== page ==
It’s therefore likely that joint Russian–Chinese production of weapons will increase—with weapons being manufactured in Chinese territory and Russia contributing its expertise on developing critical parts. Earlier this year, for example, Russia and China signed a contract to jointly develop a heavy-lift helicopter under which Russian industry effectively became a subcontractor to China, enabling Beijing to leverage Moscow’s experience of mass production.
These developments will likely be supplemented by continued Sino-Russian military exercises, which provide China with the opportunity to learn from Russia’s more experienced forces. A few weeks ago, despite Russia’s depleted military, it still held live-fire anti-aircraft drills with China in the Sea of Japan. While these exercises are important politically for Putin, their continuation is also important for Xi and his goals for strengthening the People’s Liberation Army. That’s because China’s effectiveness in future conflicts—particularly those requiring high levels of joint-service action—could be hampered by a lack of overall cohesion. PLA soldiers rarely have any operational experience outside their own branch, and almost half of China’s military commanders are political appointments. Beyond learning from Russian experience, China has almost no other options for partners when it comes to practising military readiness vis-à-vis the US and its allies.
As part of their broader ‘information-sharing agreement’ to counter external interference, China will probably also press Russia to provide information on US security cooperation with Ukraine, including US training of Ukrainian troops. Such knowledge on US warfighting doctrine could inform Chinese defence planning for a Taiwan contingency, which could also involve urban warfare and the need to both gain and control territory. China would also likely appreciate Russian information on how the US and its partners are helping Ukraine adapt its older military equipment with more advanced foreign military aid—a similar situation to that which Taiwan’s armed faces would face in a conflict with the People’s Republic of China.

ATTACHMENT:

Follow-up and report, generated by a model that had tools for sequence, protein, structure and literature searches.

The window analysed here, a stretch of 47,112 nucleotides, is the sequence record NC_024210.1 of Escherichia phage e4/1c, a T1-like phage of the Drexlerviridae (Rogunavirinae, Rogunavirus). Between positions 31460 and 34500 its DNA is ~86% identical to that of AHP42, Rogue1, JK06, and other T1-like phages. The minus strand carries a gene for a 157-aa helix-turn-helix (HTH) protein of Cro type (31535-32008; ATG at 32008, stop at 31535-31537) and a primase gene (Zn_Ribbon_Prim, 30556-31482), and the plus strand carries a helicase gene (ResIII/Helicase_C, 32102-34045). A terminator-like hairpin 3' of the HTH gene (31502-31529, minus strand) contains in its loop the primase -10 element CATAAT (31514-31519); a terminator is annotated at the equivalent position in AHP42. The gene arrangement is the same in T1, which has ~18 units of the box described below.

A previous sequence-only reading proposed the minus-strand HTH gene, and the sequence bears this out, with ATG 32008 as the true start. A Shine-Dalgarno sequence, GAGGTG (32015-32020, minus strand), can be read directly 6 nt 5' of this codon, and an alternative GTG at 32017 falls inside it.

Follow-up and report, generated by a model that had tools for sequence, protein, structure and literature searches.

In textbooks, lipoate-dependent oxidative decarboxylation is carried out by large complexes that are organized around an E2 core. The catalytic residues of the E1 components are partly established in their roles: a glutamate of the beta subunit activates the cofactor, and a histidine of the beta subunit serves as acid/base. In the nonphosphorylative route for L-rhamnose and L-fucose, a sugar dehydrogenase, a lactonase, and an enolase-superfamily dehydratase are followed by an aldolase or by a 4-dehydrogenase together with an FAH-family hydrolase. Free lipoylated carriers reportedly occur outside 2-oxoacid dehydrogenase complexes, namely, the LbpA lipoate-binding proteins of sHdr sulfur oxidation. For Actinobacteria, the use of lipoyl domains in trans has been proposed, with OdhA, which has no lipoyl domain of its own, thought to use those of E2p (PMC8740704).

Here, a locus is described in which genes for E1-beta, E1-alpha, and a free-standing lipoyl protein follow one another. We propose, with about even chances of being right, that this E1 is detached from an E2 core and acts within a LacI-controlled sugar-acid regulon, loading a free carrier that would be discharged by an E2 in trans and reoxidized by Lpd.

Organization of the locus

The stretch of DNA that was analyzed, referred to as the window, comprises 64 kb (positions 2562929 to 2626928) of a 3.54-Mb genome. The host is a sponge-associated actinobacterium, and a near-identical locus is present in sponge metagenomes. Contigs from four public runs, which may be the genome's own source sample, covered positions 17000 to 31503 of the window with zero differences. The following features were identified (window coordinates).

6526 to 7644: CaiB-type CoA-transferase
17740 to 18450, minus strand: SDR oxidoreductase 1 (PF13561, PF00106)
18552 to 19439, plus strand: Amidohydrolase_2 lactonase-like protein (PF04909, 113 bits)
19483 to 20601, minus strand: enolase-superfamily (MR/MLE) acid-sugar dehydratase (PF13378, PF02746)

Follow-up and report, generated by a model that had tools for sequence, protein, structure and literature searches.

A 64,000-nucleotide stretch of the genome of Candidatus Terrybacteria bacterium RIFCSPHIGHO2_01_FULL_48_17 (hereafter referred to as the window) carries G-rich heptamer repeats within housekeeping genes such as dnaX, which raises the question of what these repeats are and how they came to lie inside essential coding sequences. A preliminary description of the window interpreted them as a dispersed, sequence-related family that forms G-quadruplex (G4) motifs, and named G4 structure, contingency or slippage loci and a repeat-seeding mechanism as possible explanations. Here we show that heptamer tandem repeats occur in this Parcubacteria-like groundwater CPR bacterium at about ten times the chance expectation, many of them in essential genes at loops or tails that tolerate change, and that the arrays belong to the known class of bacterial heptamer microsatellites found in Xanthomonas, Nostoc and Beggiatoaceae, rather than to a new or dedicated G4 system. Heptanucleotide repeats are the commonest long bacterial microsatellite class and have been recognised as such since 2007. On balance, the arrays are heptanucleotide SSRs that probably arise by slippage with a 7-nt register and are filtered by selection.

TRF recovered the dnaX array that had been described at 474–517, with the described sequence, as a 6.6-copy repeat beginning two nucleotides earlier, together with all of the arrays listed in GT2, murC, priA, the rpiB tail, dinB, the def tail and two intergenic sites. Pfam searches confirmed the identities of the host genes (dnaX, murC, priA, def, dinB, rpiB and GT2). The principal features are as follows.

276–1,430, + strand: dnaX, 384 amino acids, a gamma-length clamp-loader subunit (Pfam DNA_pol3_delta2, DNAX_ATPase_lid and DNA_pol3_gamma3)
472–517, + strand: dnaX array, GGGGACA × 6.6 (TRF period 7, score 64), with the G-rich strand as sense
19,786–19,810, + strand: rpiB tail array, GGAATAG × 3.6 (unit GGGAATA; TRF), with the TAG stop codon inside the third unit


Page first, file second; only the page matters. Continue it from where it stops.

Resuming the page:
China is making tactical gains from Russia’s increasing reliance on it, which incrementally helps strengthen China’s position in the Indo-Pacific. Defence cooperation and information-sharing agreements with Russia are contributing to China’s overall goals of eroding US military superiority in the Indo-Pacific and exploiting vulnerabilities in relations between the US and its allies. China will likely double down on its partnership of convenience with Russia.
From Beijing’s point of view, taking as much as it can from Russia’s military industry and experience would help it meet a number of challenges, including the maturing of the AUKUS agreement and the continuing of US arms sales to Taiwan.
Sheryn Lee is a senior lecturer at the Swedish Defence University.
This article was published by ASPI on September 21, 2022.
Featured Photo: Alexandr Demyanchuk/AFP/Getty Images.